Management Principles by Ancient Scriptures

- By Aryaki Sethi

Ever wonder why some organizations are more successful than others? Why are employees of certain companies or members of certain groups more dedicated? This and many more indicators of success are all a result of effective management. Management can be understood as an organization of physical resources and manpower to achieve objectives. What is interesting is that these concepts for flourishing in the corporate world are similar to the strategies used by rulers, decades ago, in growing their empires! Let us dive into Ancient scriptures and see what they can teach us about modern management.

Ancient Indian religious texts such as the Vedas that talk about truth, amazingly, also talk economics. The Vedas propagate that ethics, awareness, responsible behaviour and good governance are the core skills of management. They advocate hands-on learning through experience, cognitive learning, observation and reflection. While this idea was suggested in the 1700 BC, to me, it seems like this is the purpose behind internships and mentoring programs that newcomers in any field consider crucial to kickstart their careers.

Old scriptures are not only revived but also uniquely interpreted by modern-day business moguls. In the Corporate Chanakya, Radhakrishnan Pillai explains the political strategy given by the great Indian mastermind Chanakya in his book Kautilya Arthashastra and how to apply these principles to corporate management. He explains that a leader should avoid over-attachment, anger, greed, pride, arrogance and over-excitement and instead, be enthusiastic, motivated and grounded. Pillai throws light on the 7 pillars of success and rewrites them as the 7 pillars of business, which create wealth.

Such themes are found beyond Hindu scriptures in both the Bible and the Quran. The Bible teaches us how to build team spirit, which then determines if members of a group will compete amongst themselves or cooperate to meet the group’s goal. In the first book of Moses called Genesis 6, Noah is asked to build a boat by the lord. He was quick to approach the task but soon found his workers demotivated and turned to God to suggest a solution. God pointed out that Noah must stop speaking of the boat to his workers but instead to speak of the journey and of the destination. God teaches Noah that when people realise that sink or swim, they shall be together, they are more motivated to cooperate and work collectively.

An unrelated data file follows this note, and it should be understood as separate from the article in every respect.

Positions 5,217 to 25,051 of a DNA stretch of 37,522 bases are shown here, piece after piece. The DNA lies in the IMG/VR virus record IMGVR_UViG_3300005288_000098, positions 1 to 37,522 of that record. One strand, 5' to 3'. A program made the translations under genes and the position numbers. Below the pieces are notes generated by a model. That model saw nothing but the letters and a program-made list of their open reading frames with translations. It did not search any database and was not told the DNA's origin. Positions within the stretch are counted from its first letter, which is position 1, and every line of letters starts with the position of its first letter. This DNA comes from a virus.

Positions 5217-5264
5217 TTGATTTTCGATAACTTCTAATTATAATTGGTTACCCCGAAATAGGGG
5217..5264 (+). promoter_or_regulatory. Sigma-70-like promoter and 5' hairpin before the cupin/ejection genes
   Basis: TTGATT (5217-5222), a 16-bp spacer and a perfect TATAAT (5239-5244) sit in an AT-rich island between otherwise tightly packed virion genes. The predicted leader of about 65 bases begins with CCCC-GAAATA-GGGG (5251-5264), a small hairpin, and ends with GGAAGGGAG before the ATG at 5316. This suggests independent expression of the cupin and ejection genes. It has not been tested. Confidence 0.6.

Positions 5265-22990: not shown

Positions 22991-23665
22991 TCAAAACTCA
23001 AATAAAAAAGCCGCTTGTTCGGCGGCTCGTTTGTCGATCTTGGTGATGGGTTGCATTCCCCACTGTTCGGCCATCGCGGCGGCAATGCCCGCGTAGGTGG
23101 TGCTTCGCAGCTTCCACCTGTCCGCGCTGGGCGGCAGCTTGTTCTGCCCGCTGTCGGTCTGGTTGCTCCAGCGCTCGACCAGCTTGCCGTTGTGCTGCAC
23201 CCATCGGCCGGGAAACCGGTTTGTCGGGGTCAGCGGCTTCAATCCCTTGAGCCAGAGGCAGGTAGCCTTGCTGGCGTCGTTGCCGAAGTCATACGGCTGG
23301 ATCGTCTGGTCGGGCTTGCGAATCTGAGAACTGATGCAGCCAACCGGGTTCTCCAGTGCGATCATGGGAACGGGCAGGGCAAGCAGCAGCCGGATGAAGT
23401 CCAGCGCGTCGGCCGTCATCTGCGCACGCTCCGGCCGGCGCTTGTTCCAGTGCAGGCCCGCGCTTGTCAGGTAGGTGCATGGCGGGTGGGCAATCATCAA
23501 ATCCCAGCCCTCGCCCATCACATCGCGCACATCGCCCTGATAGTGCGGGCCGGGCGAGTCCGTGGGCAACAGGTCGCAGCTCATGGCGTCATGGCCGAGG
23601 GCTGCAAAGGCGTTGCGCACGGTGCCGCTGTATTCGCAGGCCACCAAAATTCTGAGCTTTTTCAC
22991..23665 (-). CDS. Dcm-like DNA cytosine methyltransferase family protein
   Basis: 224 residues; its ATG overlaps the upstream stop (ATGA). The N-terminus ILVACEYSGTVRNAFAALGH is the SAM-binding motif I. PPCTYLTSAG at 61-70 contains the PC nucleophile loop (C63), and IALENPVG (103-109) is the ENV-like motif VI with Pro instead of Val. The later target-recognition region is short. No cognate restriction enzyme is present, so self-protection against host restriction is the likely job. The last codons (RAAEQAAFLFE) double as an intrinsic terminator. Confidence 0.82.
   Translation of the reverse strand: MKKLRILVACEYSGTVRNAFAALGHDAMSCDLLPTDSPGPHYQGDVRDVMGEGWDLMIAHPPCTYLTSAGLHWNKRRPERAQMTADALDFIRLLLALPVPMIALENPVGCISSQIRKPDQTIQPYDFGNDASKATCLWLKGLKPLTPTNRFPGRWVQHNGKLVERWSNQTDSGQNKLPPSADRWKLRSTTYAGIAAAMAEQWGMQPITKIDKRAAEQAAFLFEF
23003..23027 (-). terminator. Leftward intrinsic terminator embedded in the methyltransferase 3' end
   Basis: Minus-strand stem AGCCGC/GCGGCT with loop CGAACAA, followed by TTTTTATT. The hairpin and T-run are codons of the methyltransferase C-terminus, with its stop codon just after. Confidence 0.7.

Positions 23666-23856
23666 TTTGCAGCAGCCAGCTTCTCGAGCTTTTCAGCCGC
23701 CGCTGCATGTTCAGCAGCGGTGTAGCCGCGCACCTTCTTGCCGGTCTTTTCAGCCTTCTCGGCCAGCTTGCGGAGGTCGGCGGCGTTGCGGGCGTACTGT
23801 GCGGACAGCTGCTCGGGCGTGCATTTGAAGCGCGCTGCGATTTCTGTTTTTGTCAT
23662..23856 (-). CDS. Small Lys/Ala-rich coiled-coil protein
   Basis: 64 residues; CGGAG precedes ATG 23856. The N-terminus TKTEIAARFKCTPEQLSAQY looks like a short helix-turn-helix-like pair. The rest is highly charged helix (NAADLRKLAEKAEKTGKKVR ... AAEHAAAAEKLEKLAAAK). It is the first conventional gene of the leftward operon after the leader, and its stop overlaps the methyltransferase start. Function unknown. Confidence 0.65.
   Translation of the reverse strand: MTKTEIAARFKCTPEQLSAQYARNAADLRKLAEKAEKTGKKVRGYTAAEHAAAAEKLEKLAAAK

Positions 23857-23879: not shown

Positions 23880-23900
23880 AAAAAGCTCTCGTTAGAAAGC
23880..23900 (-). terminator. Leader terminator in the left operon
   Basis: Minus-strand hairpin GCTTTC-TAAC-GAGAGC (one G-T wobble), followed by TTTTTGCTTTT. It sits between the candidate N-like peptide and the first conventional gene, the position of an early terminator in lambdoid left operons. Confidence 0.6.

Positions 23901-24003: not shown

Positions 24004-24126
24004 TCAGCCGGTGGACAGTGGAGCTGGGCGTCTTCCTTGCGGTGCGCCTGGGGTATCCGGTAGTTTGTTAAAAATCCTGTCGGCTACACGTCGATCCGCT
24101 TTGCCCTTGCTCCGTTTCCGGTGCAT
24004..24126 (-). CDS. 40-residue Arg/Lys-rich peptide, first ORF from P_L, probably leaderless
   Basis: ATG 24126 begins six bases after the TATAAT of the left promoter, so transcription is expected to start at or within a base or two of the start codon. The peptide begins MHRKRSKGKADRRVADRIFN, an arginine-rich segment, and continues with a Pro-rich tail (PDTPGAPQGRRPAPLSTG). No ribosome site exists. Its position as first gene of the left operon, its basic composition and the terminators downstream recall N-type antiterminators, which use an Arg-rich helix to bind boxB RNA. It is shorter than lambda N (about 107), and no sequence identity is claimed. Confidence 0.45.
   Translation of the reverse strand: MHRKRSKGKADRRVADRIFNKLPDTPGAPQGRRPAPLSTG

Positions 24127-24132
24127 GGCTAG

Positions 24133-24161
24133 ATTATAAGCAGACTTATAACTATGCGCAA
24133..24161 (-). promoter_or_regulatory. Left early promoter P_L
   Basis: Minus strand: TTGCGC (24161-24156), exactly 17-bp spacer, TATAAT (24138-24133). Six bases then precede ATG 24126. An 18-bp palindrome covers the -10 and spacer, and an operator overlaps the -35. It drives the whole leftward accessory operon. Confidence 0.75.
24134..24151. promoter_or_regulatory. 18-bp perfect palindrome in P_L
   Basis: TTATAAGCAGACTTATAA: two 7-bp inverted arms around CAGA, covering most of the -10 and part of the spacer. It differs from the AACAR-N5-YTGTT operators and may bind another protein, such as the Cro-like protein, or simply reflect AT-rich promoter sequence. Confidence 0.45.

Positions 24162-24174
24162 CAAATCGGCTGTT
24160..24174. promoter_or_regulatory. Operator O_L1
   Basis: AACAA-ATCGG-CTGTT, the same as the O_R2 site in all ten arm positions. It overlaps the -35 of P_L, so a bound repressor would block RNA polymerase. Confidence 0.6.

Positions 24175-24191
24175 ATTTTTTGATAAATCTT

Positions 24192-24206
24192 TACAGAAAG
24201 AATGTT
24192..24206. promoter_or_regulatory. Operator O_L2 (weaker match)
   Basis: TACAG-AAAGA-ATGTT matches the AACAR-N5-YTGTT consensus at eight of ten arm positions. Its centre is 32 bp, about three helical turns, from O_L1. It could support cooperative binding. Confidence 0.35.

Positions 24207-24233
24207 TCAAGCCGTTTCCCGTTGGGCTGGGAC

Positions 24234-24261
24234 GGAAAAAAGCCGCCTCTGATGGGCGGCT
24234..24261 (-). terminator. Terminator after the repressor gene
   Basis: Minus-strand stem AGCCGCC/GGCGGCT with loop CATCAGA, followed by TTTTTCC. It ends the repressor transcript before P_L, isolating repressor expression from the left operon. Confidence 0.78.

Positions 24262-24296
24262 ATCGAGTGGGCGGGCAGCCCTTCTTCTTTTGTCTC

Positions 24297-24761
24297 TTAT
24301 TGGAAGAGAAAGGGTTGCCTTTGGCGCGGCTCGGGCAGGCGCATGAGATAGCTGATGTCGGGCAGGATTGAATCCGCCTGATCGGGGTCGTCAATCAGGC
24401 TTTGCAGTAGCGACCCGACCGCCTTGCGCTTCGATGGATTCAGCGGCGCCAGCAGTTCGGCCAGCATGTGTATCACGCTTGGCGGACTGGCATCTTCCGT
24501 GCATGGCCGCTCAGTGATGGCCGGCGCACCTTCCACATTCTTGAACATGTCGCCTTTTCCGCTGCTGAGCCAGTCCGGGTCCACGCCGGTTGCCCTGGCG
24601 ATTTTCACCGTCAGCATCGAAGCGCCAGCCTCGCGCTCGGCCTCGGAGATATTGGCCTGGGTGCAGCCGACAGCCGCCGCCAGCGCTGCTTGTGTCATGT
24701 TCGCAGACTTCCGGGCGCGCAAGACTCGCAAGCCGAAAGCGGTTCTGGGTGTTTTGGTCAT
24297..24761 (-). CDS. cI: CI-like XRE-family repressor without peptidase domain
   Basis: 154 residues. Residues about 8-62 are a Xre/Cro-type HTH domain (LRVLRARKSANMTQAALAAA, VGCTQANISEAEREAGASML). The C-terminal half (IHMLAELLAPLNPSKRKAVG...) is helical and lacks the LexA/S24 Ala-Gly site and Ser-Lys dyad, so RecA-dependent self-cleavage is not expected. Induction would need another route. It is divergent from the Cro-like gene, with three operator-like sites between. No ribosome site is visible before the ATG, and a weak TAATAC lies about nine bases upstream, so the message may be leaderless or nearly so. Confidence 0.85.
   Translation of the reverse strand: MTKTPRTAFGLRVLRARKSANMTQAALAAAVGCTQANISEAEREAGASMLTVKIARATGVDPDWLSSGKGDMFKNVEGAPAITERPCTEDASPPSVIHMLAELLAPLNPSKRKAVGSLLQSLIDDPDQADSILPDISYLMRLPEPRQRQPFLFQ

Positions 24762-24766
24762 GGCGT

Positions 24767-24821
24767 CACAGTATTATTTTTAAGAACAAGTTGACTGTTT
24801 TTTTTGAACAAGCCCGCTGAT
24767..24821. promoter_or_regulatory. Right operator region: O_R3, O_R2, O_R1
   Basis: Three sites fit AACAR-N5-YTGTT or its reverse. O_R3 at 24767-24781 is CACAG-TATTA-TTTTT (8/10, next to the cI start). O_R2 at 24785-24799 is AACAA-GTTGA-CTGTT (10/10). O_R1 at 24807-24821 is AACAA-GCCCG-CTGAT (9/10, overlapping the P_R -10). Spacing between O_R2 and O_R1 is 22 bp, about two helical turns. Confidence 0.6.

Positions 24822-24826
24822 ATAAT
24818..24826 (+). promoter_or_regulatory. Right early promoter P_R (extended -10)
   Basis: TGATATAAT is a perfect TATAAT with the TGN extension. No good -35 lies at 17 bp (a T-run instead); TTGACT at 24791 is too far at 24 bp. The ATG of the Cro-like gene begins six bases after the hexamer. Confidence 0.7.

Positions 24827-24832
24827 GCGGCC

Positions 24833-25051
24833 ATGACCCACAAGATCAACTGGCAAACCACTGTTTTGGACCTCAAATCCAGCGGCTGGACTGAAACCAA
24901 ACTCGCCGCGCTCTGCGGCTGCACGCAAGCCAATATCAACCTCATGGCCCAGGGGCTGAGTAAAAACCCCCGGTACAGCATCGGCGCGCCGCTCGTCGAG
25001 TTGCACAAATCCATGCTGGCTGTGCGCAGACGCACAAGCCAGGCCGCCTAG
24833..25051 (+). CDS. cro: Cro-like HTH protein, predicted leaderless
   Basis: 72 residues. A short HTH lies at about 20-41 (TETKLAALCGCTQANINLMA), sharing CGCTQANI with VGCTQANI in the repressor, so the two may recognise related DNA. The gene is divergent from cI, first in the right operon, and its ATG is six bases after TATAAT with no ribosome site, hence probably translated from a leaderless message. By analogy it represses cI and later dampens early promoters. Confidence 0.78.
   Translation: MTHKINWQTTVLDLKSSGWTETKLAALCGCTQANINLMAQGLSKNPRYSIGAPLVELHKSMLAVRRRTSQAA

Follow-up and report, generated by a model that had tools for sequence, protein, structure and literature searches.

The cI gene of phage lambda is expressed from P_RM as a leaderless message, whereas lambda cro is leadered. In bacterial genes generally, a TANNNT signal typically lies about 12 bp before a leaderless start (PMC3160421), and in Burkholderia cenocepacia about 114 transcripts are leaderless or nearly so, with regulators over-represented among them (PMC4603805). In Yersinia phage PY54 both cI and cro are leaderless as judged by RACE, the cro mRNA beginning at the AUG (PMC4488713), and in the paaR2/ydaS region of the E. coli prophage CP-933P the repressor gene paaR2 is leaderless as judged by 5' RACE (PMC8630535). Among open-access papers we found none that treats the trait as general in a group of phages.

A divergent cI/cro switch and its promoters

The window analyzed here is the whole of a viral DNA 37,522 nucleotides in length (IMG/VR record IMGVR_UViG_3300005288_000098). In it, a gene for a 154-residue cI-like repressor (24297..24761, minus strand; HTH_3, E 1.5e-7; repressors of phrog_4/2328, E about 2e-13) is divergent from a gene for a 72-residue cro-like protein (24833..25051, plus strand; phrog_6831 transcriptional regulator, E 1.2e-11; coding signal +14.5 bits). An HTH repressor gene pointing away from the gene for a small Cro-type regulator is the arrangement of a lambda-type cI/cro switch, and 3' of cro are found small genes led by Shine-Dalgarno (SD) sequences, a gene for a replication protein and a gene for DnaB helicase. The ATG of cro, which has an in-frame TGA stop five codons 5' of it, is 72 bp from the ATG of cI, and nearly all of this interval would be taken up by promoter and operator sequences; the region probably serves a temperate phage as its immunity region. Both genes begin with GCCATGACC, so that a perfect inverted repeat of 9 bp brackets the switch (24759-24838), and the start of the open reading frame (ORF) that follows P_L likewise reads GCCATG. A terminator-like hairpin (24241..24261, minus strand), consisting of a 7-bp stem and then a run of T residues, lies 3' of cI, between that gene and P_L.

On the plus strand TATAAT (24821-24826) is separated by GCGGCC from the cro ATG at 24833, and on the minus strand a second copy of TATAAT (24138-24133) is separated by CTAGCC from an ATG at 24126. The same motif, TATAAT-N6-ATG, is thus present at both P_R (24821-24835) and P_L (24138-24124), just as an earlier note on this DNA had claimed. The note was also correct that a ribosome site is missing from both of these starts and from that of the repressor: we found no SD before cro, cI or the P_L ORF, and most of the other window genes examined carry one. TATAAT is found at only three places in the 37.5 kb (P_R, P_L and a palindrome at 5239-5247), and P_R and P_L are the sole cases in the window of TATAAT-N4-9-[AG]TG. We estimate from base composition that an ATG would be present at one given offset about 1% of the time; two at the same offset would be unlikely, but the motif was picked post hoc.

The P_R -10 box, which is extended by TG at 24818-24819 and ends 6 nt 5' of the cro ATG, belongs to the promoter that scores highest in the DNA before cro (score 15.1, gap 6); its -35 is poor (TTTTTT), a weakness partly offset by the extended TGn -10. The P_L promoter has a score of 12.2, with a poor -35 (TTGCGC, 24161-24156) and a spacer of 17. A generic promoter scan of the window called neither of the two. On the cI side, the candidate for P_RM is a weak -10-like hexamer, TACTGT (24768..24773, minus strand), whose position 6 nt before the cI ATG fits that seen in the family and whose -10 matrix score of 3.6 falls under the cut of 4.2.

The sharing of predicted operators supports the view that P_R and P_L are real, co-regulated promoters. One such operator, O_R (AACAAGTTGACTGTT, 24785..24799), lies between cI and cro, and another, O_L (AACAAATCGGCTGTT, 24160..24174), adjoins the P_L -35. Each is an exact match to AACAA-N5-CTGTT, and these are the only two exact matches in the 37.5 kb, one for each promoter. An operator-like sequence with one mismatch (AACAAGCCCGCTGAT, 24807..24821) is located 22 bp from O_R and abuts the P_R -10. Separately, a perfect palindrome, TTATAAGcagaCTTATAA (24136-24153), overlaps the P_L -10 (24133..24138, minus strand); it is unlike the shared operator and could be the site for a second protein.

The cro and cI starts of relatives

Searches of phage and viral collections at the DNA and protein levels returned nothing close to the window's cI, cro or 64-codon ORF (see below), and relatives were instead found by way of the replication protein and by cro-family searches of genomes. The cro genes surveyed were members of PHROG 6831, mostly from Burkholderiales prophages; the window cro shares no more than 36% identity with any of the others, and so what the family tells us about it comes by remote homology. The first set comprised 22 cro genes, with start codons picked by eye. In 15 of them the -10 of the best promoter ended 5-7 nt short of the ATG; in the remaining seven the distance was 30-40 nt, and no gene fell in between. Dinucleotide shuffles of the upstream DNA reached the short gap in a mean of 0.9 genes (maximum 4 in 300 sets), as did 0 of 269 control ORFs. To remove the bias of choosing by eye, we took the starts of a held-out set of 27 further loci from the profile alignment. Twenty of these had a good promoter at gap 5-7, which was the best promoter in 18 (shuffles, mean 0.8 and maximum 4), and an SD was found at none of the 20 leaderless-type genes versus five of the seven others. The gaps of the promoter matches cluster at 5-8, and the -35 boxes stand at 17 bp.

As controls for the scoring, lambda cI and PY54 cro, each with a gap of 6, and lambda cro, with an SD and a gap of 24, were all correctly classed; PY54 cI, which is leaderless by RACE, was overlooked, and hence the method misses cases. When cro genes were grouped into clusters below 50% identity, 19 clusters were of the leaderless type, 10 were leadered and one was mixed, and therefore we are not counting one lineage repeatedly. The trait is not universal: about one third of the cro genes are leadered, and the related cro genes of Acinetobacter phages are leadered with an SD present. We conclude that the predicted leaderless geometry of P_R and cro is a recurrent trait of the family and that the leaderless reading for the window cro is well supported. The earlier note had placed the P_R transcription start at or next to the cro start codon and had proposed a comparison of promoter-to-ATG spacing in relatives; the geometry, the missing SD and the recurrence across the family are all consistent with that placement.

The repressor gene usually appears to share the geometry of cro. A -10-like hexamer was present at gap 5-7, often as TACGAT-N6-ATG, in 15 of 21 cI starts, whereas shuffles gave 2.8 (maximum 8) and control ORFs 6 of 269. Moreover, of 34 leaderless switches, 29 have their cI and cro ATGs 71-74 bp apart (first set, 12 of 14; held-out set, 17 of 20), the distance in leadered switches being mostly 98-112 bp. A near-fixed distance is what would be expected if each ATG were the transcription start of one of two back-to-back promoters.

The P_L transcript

It is truly impossible to speak of management and group organization strategy without reflecting on the two great chronicles of Mahabharata and Ramayana. These epics teach us both the do’s and don’ts of working in teams. The biggest mistake that leaders must avoid is the ignorance of Ravana. As a leader, one must encourage constructive feedback and reflect on suggestions. Ravana, blinded by his own might, refused to see the catastrophic effects of kidnapping Sita despite the warnings of his ministers, brother and wife. If team members do not feel respected and valued, they may be tempted to switch sides and cause the downfall of the enterprise, just as Vibhishana led to the demise of Ravana. Effective management strategy about realising the demand of the situation and not simply running after the best member. While Arjun will always remain the most glorious character of Mahabharata for his skill and undeniable friendship with the mentor of the Pandavas, Krishna, it is arguably the coming together of Bhim’s power, Yuddhishtir’s principle, Nakul and Sehdev’s ayurvedic knowledge that won them the war. Management is about being the Krishna to empower employees in their area of expertise and helping them uncover their potential.

In conclusion, we must understand that Ancient scriptures are the best examples of learning from others’ experiences. How we perceive them is our choice. Should we consider them as tools to create division, promote superstition or establish supremacy? Or consider diving into this vast ocean of knowledge and collecting invaluable life learnings. It is up to us to draw on wisdom from our rich cultural heritage, apply them in the current context so that the future is built on a firm foundation.


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About the Author

Aryaki Sethi is a content writer and mental health advocate. She is currently pursuing Bachelor of Applied Science , Psychology and Health Sciences from the University of Toronto Scarborough.